Walleyedan’s Fishing Tips

How to catch Spring Crappies
Springtime is crappie time. Late ice can be fantastic but as that ice melts away and the lakes start to warm up, the crappie fishing will be as good or better than the late ice period. I start my searching in the bays where the water will usually warm up the fastest. Look to the north shore for the warmest water and this will likely be where you get that first bite! I like to cast a Puddle Jumper and a small jig head under a bobber (float). This is a great locater bait and the nice thing about using plastics is that you don’t have to worry about throwing your bait off with each cast. Puddle Jumpers come in a variety of colors and you will find a wide variety of sizes and colors at some of your local Mills Fleet Farm stores here in Minnesota and throughout the region. Live bait is great too and crappie minnows are tough to beat for the natural presentation. Mills Fleet Farm also has live bait in many of the convenience stores. As for rods and reels, you should look for something that is light action and relatively long so you can get a nice long cast. If you are using a bobber, sensitivity is not super critical but a nice graphite rod is something you will absolutely love. A spinning reel loaded with 4 pound test is the standard for going after these crappies but it’s not the only way to go. Some people like spin cast rods and reels and some people prefer a fly rod. The fastest way to locate the hungry ones is to fan cast an area and then work your way in one direction or another until you find the aggressive fish. An electric motor is a great way to cover water without spooking the crappies but you can also anchor, drift or use a canoe paddle or oars. If you are looking for a good crappie guide here in Minnesota please give us a call, 218-839-5598.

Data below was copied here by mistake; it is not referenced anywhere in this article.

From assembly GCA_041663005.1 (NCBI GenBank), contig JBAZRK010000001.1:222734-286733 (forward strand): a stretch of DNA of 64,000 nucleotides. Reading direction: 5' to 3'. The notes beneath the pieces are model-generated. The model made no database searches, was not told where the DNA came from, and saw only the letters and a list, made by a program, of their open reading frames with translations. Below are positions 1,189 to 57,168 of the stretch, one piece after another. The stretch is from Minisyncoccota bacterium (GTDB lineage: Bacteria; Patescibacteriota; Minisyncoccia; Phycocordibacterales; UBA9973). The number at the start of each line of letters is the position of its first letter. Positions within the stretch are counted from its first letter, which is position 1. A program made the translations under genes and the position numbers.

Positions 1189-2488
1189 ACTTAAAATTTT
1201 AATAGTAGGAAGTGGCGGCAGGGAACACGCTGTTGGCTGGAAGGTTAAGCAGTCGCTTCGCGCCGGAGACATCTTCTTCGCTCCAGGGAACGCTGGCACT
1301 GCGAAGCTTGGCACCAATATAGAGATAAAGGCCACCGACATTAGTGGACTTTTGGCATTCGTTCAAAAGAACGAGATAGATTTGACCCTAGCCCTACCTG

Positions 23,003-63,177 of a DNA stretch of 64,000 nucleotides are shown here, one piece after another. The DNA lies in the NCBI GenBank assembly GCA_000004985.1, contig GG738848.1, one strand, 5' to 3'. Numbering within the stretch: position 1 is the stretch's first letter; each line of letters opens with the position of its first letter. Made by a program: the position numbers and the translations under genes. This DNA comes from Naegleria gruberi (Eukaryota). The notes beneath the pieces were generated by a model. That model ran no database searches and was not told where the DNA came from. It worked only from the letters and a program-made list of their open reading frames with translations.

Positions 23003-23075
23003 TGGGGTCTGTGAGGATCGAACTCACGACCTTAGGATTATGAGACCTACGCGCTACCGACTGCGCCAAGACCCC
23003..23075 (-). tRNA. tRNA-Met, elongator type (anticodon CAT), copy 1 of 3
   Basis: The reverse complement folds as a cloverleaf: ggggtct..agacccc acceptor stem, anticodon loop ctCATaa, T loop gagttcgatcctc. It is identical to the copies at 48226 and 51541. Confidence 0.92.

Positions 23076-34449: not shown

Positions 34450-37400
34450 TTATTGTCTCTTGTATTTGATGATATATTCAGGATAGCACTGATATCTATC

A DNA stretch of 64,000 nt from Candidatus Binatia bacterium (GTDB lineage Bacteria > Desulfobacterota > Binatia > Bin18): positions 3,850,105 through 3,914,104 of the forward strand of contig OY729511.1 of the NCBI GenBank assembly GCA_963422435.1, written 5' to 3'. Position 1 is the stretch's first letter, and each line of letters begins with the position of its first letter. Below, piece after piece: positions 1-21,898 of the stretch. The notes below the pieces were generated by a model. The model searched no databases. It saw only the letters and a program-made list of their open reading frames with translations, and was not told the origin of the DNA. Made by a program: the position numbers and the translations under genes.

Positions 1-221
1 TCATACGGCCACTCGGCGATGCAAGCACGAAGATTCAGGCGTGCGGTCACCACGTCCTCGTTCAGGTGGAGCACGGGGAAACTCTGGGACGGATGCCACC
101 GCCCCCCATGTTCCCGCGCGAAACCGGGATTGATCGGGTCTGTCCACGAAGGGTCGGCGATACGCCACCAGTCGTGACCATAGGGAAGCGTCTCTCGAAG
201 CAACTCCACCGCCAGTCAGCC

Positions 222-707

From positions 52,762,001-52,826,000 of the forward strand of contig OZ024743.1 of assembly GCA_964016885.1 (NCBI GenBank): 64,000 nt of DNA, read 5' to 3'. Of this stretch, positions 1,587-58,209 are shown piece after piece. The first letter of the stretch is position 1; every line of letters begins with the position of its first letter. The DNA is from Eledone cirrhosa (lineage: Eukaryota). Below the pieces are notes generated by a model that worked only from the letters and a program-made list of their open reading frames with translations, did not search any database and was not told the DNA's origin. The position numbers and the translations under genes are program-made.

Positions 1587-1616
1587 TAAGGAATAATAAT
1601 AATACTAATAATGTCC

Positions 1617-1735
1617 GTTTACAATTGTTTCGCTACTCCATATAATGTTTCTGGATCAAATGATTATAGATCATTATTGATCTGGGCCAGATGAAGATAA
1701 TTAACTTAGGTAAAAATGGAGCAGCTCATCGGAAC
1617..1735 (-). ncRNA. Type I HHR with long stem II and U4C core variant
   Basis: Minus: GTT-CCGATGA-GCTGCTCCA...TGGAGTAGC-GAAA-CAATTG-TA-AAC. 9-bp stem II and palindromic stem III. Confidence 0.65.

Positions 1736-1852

Catching Late Ice Panfish
Laying on the ice might not sound too appealing to a lot of you, but for those of you ice fishers you might want to give it a whirl. The best time to use this approach is now until ice-out. Since the walleye season is coming to a close, it’s time to pursue the pan fish and there is really no better way than to watch them bite with your own eyes. Underwater cameras are neat and very useful but when the pan fish move up into the shallows all you need is some waterproof gear and your own two eyes. Lay down on the ice, block out the daylight with your hands and watch what’s happening down there. One of the nicest things about this method of fishing is that you can pull your bait out of the way if you have a little aggressive bugger down there. You get a pretty good eye for what you want or don’t want to bite on your bait. I like to use a light action rod about 30 or so inches long, a ultra-light reel loaded with 2 pound test, an ice fly tipped with a colored maggot and you’re good to go!

Good luck, have fun and stay dry! Walleyedan

Three-fourths of the Earth’s surface is water, and one-fourth is land. It is quite clear that the good Lord intended us to spend triple the amount of time fishing as taking care of the
lawn.

~ Chuck Clark